Hospital neurology and neurophysiology services are increasingly overwhelmed. With a growing and ageing population, the incidence of neurological conditions is increasing. Compounded by the COVID-19 pandemic, there are now over 10,000 people in the UK waiting more than a year for an appointment with a neurologist.
N-CODE is addressing these challenges through the development of new technologies that enable diagnosis and management in the community rather than the hospital environment. This could mean though community diagnostic hubs, high-street healthcare professionals, GP surgeries, mobile units or even to the home environment.
Digital solutions built around neural interfacing, signal processing, machine learning and mathematical modelling as enabling technologies offer significant potential for addressing many challenges currently faced by people with neurological conditions and those responsible for their care.
For example, they will lead to novel biomarkers for diagnosis, prognosis and monitoring of neurological, neuropsychiatric or neurodevelopmental conditions, as well as markers that inform new therapies for (neuro)rehabilitation and clinical management. Working in close cooperation with partners who are developing new technologies for measuring brain, eye, spinal, and peripheral nerve activity using wearable technology and minimally invasive devices, as well as hand-held scanners and transportable machines, will accelerate the transformation to community-based care.
To achieve this, we have built a network of partners with backgrounds spanning academia, industry, hospitals and GP surgeries, charities and policy makers. Crucially we ensure that people with lived experience of neurological conditions are at the heart of our network. Their experience informs debate and shapes our research priorities, ensuring feasibility and acceptability of emerging technologies.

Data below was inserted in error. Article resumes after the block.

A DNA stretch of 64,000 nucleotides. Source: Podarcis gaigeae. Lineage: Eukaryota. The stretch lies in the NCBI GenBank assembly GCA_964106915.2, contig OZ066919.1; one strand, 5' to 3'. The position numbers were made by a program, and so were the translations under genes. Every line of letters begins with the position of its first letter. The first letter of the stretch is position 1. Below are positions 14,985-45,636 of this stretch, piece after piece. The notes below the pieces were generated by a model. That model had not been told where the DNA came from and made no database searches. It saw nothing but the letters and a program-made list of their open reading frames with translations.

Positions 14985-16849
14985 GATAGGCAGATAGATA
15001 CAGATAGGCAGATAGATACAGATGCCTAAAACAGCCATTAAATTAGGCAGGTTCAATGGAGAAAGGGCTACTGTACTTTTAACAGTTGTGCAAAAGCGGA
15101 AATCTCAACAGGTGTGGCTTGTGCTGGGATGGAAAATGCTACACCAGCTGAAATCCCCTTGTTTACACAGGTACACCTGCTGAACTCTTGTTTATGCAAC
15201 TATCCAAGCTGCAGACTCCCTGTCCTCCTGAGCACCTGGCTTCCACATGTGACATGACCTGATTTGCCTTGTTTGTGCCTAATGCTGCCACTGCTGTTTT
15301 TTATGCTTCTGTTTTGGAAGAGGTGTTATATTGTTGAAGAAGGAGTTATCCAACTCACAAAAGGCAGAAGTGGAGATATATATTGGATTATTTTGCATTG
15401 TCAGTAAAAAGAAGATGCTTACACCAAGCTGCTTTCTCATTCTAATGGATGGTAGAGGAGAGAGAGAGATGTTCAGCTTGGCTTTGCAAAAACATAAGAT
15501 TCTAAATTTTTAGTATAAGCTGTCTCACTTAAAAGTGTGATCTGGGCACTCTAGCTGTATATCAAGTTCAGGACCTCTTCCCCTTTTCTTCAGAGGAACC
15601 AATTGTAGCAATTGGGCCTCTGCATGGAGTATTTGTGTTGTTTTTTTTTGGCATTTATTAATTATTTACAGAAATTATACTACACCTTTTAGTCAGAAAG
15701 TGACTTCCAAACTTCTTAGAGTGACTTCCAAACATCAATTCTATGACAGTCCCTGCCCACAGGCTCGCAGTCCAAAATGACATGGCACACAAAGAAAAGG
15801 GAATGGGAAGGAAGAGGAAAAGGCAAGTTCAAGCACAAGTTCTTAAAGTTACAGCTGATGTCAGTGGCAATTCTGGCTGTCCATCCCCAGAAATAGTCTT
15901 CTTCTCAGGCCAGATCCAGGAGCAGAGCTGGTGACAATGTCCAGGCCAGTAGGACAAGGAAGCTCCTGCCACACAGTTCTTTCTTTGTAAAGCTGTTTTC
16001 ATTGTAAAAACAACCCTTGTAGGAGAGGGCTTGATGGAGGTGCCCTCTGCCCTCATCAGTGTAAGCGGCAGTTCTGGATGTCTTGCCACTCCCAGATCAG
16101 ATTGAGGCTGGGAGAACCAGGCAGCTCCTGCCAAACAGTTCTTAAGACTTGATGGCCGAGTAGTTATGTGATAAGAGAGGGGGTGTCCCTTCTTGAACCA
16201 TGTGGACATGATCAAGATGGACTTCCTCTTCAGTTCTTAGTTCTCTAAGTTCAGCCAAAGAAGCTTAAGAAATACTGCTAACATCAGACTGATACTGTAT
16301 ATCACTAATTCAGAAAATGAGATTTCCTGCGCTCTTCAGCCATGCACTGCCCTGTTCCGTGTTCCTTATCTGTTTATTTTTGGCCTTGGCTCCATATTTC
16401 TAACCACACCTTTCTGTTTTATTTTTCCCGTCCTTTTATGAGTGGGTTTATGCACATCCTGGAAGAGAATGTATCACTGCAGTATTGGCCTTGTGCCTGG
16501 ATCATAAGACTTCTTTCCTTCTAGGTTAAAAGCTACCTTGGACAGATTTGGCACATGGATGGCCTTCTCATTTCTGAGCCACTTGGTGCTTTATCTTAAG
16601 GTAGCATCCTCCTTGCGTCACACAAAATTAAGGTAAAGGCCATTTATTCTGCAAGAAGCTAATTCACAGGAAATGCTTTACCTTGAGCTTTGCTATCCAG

Case studies from our N-CODE investigators
Professor John Terry (in partnership with Neuronostics Ltd) has developed biomarkers that are predictive of the likelihood of an individual having epilepsy. These biomarkers utilise mathematical models that are personalised using routinely acquired clinical data (EEG) and so provide a prediction of the likelihood of future seizures that is specific to the individual, instead of a population average.
Professor Rohit Shankar MBE (in partnership with SUDEP Action) has led the development of the seizure safety checklist, which was translated into the EpSMon smartphone app. The app can predict an elevation in the likelihood of sudden death from epilepsy, enabling people with epilepsy to participate in taking preventative lifestyle changes. The app has won 8 national awards and features in the NHS RightCare Toolkit for epilepsy and is now available to over 50% of GP practices via EMIS patient record systems.
Professor Dario Farina has developed and translated wearable interfaces that provide access to individual neural cells in the spinal cord from wrist- or arm-mounted sensors. This predictive technology is providing personalised diagnosis and treatment of both essential and Parkisonian tremor.